Moab is here. Moab is “from Abba.” Whose descendants is Moab? Does anyone remember Lot? Remember Lot and his daughters in the cave? They produced Moab—from father. By the way, you guys this week are reading about a Moabite woman. Her name is what?--Ruth. That takes place right here. Ruth is a Moabitess. It’s from Lot’s descendants. This is Esau and this is Lot. Ammon is the other one of Lot’s descendants. Moab and Ammon, are they related to Israel? Moab and Ammon (these are Lot’s descendants), they are related to Israel.
            Did God allow Israel to attack the Moabites and the Ammonites?--no, he did not. The Israelites come around Edom here and they go up the King’s Highway here and they cannot attack Moab and they cannot attack Ammon. Those are their brothers. They came up here, but who is here?--the Amorites. The Amorites are from the west, so the Israelites cut in here and defeat Sihon and Og, the kings of the Amorites. They take over this territory right here. Where is Moses going to die? Moses is going to die right here on Mt. Nebo. Does anybody remember how he goes up on the mountain and God shows him the land of Israel from Mt. Nebo. He overlooks the land, by the way, Jericho is right here. So they are going to cross over and take Jericho. He will die right here. Israel settles then in this land of Sihon. Why is the king of Moab afraid of Israel? Because they just conquered Sihon and Og and the Moabites are afraid now that the Israelites are going to come south down this way.  So the king of Moab wants Balaam to curse Israel. So Balaam is going to come up here and he is going to curse Israel. He is going to come from Mesopotamia, he is going to come down to Moab, and Moab is going to pay him to curse Israel. Israel will be settled right here and that is kind of the geography of this situation with Balaam.
                              Balaam’s character:  Is he good or bad?

            Now what is the most famous story with this guy Balaam? Is Balaam good or bad? Actually in the book of Numbers was Balaam good or bad? In the book of Numbers I want to suggest to you that he is pretty good. Actually he gives four oracles. Does Balaam prophesy from God 4 times saying exactly what God told him to prophesy? Yes, he is good but then some of you said, “No, he is bad.” The answer is that Balaam is like the Judas of the Old Testament. Now by the way, was Judas good or bad? Well you might say, “Judas betrayed Jesus. Judas was bad”, but wait a minute, before Judas turned bad, was Judas good? Was Judas one of the 12 apostles that Jesus sent out to do miracles in his name? In Matthew 10, Judas was sent out and proclaimed the gospel of Jesus Christ and does miracles in the name of Jesus. By the way, do you remember when Jesus said, “One of you is going to betray me”? They all looked around and did any of them suspect Judas?--no, they did not. So what I am saying is that Judas was one of the 12 apostles, and he turns bad. Balaam is very similar to that. He is good and then he turns bad. We are going to see that change in him. He is portrayed as both a saint and as a sinner. In the Old Testament he is portrayed as largely pretty good.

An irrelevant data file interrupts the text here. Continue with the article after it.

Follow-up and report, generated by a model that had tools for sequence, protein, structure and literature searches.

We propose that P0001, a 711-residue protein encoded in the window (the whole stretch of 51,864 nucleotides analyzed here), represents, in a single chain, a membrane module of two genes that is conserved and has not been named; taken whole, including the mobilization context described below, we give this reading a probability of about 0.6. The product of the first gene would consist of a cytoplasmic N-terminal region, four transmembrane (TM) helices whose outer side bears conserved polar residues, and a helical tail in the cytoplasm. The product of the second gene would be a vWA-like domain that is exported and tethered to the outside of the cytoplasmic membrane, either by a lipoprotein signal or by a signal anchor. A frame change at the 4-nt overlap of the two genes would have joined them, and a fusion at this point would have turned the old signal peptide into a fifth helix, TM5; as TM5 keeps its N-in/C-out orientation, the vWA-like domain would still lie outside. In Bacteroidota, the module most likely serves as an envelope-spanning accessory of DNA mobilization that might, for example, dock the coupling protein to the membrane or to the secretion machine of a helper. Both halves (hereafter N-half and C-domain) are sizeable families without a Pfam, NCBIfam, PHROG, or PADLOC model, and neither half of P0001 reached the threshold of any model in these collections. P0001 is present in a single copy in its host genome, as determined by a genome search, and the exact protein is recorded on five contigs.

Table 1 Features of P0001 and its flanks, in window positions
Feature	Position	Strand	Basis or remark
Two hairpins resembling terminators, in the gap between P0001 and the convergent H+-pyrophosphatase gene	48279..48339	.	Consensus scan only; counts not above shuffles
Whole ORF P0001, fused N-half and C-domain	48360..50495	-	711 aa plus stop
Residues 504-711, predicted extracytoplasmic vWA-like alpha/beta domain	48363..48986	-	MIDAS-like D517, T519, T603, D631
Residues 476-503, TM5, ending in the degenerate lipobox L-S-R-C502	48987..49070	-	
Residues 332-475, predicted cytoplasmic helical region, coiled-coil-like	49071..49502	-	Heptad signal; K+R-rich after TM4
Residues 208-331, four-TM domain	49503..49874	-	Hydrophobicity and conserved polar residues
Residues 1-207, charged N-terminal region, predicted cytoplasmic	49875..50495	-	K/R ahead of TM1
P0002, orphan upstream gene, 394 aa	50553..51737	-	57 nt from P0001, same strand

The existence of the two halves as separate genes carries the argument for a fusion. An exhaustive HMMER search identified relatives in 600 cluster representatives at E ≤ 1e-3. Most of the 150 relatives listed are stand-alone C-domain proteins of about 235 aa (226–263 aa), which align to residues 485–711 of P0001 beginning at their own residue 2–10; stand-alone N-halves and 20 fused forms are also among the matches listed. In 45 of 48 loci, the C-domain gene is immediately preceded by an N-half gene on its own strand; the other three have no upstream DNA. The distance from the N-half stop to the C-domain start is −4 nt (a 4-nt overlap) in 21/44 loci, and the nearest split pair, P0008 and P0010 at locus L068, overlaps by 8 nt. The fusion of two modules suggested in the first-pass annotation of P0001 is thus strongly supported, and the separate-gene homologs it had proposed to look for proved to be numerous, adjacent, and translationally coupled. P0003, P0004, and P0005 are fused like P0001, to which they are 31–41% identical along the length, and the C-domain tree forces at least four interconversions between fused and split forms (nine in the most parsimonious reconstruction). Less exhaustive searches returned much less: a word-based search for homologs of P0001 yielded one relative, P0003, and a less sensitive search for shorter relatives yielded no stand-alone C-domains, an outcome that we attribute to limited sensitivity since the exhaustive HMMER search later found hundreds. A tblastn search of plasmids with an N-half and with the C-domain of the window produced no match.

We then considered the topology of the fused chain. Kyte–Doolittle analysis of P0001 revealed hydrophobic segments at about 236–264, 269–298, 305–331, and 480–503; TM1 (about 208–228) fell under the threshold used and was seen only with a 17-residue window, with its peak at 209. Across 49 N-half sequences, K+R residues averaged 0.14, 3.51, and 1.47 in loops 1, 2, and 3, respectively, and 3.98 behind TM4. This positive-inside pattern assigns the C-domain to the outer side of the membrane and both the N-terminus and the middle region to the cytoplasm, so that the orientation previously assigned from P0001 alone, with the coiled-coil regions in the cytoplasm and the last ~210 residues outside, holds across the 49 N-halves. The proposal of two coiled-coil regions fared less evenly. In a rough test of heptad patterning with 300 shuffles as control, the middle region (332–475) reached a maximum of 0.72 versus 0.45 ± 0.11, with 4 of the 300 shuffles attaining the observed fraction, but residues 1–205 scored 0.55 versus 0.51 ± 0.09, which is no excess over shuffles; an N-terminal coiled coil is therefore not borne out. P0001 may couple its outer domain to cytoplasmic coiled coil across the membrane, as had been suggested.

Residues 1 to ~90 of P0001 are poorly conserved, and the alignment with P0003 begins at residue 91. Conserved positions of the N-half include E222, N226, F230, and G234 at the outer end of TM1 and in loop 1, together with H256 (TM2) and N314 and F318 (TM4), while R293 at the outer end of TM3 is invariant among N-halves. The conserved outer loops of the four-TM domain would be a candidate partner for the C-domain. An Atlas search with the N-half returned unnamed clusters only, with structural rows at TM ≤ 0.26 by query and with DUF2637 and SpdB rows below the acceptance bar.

Let me read you a couple statements that Balaam makes out of Numbers, chapter 22. Numbers 22:8 says this, “‘Spend the night here,’ Balaam said to them, ‘and I will bring you back the answer the Lord gives me.’”  Down to verse 13, “The next morning Balaam got up and said to Balak’s princes, ‘Go back to your own country, for the Lord has refused to let me go with you.’” Is Balaam faithful to what God told him?--Yes, he is. He will not go.
            What happens? Balak, the king of Moab, sends more guys and they come out to him and they basically ask him to come down again. And verse 18 says this, “But Balaam answered them, ‘Even if Balak gave me his palace filled with silver and gold, I could not do anything great or small to go beyond the command of the Lord my God.’” Is Balaam a Yahweh worshipper? He sure is. He says, “I can’t do that. For gold or for silver, I can’t do that.”
            By the way, this sets up what will be the greatest tension in Balaam’s life. This is the greatest tension: money or do God’s word? Proclaim God’s word or go after the money. That is going to be the tension that Balaam feels; money or be faithful to God’s word. And he will be faithful to God’s word, he gives four oracles that we will go over saying that.